History of Spanish-language TV Explored in Smithsonian Internship

Graduate student Steven Moreno-Terrill contributed to future exhibition during summer fellowship at the National Museum of American History

Steven Moreno-Terrill

Steven Moreno-Terrill interned in the prestigious Smithsonian Latino Studies Museum Program this summer.

RIVERSIDE, California – The rich legacy of Spanish-language television remains an understudied topic in American cultural history, one which the Smithsonian Institution in Washington, D.C., is examining as curators at the National Museum of American History work to tell the story of broadcasting in Spanish by collecting objects and conducting oral histories with current and former employees of networks and independent stations across the U.S., including Puerto Rico.

Steven Moreno-Terrill, a graduate student in public history at the University of California, Riverside, spent much of the summer helping Smithsonian curators document the history of Spanish-language TV in the United States between the 1950s and 1980s. The project began with collecting for the museum’s “American Enterprise” exhibition, which includes the story of San Antonio’s KCOR radio and television – which later took the call letters KWEX. From this station began what was known as the Spanish International Network that evolved into today’s Univision. Telemundo’s story is being documented as curators acquire objects related to the history of stations in that network, including Los Angeles, New Jersey, Miami, and San Juan.

“I am grateful and excited to have been able to work on this important project that honors the rich legacy of nuestra gente (our people) in the U.S. television industry,” he said. “Through this experience, I was able to add to the understudied history of Spanish-language television in the U.S.”

Moreno-Terrill worked on the project as a fellow in the six-week Smithsonian Latino Studies Museum Program, one of a dozen fellows selected from around the nation. Fellows received travel and housing accommodations, as well as a modest stipend.

His selection for the prestigious summer internship at the Smithsonian is a significant honor, said Cathy Gudis, director of the UCR Public History Program.

“A very select group of students is chosen to participate in the Smithsonian’s Latino Museum Studies Program,” she said. “Working alongside curators at the National Museum of American History was an incredible opportunity to hone his skills as a researcher and experience what is required to develop a compelling museum exhibition for the national stage. In turn, Steve gave back to the project his understanding of Chicano history in our region.”

Moreno-Terrill in front of display

Public history graduate student Steven Moreno-Terrill contributed to the development of an upcoming exhibition on Spanish-language television in the U.S. Photo by Diana C. Bossa Bastidas, Smithsonian Institution

Moreno-Terrill said the fellowship program enabled him to learn from leaders in the museum field on Latino initiatives, such as Kathleen Franz, curator of the Division of Work and Industry at the National Museum of American History. “My decision to become a scholar in this field derived from a sense of longing I had throughout my K-12 schooling experience to learn about my own history and culture as a third-generation Chicano. It also emerged from a strong sense of social justice and desire for community empowerment through education.”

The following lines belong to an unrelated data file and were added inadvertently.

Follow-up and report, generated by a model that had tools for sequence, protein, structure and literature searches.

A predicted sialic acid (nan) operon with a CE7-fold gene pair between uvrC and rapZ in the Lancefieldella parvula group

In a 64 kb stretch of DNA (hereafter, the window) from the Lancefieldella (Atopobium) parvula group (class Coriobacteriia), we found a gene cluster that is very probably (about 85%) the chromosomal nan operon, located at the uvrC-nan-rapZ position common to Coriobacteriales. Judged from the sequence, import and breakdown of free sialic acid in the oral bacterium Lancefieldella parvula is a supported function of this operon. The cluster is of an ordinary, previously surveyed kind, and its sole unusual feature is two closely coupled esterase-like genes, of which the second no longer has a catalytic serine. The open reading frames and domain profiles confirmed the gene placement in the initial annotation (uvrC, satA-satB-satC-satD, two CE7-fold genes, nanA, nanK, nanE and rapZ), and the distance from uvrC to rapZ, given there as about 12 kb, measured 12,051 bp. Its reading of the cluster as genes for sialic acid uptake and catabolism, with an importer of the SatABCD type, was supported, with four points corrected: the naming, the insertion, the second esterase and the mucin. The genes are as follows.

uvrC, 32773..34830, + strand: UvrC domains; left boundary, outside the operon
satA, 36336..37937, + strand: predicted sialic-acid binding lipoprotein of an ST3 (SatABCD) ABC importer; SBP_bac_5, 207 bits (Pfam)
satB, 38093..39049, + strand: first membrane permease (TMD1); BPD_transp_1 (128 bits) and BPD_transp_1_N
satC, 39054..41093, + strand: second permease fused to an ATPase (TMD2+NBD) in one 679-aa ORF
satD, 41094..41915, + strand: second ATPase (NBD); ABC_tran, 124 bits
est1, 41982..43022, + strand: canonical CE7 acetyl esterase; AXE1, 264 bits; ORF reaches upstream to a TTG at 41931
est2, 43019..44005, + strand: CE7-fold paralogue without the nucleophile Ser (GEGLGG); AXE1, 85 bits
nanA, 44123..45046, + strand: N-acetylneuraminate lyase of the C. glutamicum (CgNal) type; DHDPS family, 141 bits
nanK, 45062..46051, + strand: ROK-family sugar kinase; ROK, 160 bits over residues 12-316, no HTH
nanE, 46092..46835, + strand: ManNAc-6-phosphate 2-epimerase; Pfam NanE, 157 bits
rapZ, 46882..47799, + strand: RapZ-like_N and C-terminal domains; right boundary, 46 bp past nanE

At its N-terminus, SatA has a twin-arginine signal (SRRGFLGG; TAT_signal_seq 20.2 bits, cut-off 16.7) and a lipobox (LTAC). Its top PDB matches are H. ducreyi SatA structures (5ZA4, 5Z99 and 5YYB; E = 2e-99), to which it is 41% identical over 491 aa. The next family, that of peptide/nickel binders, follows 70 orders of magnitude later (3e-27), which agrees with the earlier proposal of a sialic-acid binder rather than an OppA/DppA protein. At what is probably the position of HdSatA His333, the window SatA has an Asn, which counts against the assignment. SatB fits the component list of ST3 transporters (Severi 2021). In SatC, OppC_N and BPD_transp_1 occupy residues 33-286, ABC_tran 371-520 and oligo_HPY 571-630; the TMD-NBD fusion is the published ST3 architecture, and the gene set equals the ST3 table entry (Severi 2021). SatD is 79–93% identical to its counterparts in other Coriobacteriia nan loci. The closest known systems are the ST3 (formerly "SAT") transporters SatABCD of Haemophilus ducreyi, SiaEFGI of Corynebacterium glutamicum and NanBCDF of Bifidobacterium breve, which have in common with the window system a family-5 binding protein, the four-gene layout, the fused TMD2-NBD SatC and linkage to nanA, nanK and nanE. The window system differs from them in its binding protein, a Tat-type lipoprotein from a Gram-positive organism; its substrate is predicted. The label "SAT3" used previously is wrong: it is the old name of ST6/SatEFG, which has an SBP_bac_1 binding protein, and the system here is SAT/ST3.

A Riverside resident who was born in Santa Ana and grew up in Chino and Chino Hills, Moreno-Terrill expects to complete his master’s degree in public history at UCR in June. He earned an Associate of Arts degree in ethnic studies at Santa Ana College, and a bachelor’s in sociology and a master’s in Chicana/o Studies at California State University, Los Angeles.

His master’s program research at UCR focuses on the history of Mexican American education in the Inland Empire with a focus on race, place, and citizenship during the early 20th century. He particularly focuses on the emergence of segregated schooling in Riverside, the implementation of Americanization programs, and the various ways that Mexican Americans asserted their cultural citizenship through activism and community life.

“I would like to build archival resources and oral histories related to Chicano/Latino history and create an interactive exhibit at my local museums that coordinates with school curriculum and community events such as those associated with Hispanic Heritage Month,” he said. “An exhibit I hope to create in the near future is one that focuses on the emergence and proliferation of segregated schools for Mexican Americans throughout the Inland Empire prior to Mendez v. Westminster,” a 1947 federal court case that challenged racial segregation in Orange County, California.

One of the most memorable moments of the fellowship was viewing objects in the Smithsonian collections related to Latino history such as a jacket that belonged to Selena Quintanilla-Pérez, known as the Queen of Tejano music; high-heeled shoes worn by singer Celia Cruz; and baseball star Roberto Clemente’s helmet.

“Getting to see these artifacts up close gave a layer of meaning that was extremely impactful. It made the history real and tangible,” Moreno-Terrill said. “The museum studies training I received through this fellowship empowered me to promote public awareness of Latino history and cultivate educational justice through culturally relevant curriculum and museum practices. It equipped me with the knowledge, experience, skills, and connections to be able to promote Latina/o history in both school and community sites in innovative and empowering ways.”

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